• Choose productivity over entertainment. One of the constant complaints in my house is that “this isn’t fun.” This always leads to the never-too-soon-to-be-learned life lesson that “life’s not all about fun.” Unfortunately, this expectation is not restricted to children only. Our society seems addicted to entertainment. Though I am certainly not anti-fun, we should be cautious about over prioritizing it. I believe that the majority of what we do should have some productive value. It should contribute to our overall life priority of pleasing and following God. This does not eliminate fun, it merely requires that we think more strategically about the kind of fun we have. It’s tempting to sign our kids up for every sport, camp and activity that they might enjoy, but enjoyment doesn’t make something necessary or even beneficial. Again, each of these decisions must go back to your over all priority to put the kingdom of God first. We must consider what value all of this endless entertainment truly has for the follower of Jesus. I am not at all saying that all entertainment is wrong, but I think we should choose productivity over empty entertainment and choose entertainment that adds value to our families.
  • Choose relationships over amusement. Though very similar to the previous point, this choice is primarily regarding wasted time. We spend countless hours watching tv, scrolling through Facebook, playing video games, and wasting time in a wide variety of ways. I challenge you to choose to spend your time building relationships rather than merely amusing yourself. I know that we greatly value our downtime, but I would challenge you to limit this wasted time so that you can intentionally invest in relationships within your family. Ask questions, read and study the Bible together, enjoy each other’s company. I certainly can relate to the desire to “just relax,” but we should make the choice to prioritize activities that build and strengthen relationships.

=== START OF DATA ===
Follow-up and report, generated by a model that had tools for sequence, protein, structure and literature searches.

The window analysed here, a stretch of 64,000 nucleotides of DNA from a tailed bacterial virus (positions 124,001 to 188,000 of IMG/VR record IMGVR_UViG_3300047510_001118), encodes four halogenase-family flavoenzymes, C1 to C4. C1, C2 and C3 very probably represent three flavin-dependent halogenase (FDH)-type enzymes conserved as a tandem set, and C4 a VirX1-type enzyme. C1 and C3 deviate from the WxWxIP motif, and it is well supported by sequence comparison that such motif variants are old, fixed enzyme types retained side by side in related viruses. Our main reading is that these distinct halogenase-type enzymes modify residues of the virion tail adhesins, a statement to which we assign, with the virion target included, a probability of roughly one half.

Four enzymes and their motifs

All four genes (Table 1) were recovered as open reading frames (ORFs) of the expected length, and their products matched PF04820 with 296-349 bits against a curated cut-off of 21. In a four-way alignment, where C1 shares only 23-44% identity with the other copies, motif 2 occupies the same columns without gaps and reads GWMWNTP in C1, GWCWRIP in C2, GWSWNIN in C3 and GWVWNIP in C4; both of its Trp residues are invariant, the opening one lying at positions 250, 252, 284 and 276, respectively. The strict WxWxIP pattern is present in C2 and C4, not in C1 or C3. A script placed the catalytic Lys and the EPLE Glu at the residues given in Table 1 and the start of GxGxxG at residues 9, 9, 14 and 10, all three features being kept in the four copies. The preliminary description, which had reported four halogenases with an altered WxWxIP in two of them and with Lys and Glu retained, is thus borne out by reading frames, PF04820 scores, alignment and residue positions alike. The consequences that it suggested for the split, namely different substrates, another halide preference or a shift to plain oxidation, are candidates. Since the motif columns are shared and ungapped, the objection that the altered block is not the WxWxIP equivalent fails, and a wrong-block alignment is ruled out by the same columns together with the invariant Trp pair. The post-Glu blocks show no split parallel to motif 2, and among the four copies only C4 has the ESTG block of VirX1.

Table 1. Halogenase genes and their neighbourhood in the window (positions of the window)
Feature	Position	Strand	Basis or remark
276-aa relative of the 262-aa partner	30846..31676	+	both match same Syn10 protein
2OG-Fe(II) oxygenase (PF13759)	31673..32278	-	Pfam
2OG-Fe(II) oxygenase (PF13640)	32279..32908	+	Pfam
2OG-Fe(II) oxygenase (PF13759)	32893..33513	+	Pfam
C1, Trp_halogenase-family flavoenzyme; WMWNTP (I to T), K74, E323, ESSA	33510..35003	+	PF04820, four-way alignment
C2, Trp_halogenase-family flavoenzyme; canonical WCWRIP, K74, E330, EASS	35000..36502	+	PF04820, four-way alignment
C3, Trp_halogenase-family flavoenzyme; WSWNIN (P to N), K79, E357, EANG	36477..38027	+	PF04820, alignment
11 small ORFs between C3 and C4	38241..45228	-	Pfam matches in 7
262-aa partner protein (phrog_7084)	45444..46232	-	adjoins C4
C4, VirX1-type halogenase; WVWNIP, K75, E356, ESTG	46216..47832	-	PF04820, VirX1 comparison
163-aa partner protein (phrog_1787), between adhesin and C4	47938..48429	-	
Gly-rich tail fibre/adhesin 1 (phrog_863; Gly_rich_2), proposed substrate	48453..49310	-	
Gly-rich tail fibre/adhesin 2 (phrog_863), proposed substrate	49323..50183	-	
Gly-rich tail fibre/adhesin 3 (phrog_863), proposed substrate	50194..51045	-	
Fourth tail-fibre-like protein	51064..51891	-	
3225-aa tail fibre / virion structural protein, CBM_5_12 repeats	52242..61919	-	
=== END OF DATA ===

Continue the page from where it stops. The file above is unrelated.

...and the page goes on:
• Choose service over selfishness. Our children are growing up in a culture that is increasingly self-centered. Despite our desire that our children not be selfish, we regularly make decisions that instill in them the belief that the world revolves around them. We give them everything they ask for, shower them with toys and treats, drive them from practice to game to class without regard for the impact on the family, provide endless entertainment with little responsibility and spare them the consequences of bad decisions. We must stop choosing to conduct our families in a way that promotes selfishness. Instead, choose to model, promote and prioritize service. Choose to deliberately allow your children to sacrifice for the well-being of others. Choose to serve together as a family. Choose to prioritize serving in church and the community. Consider the lessons you are teaching when you insist your child make their soccer game, but skip your turn to serve in your church ministry. If you want to make choices that matter for God’s Kingdom, start by choosing service over selfishness.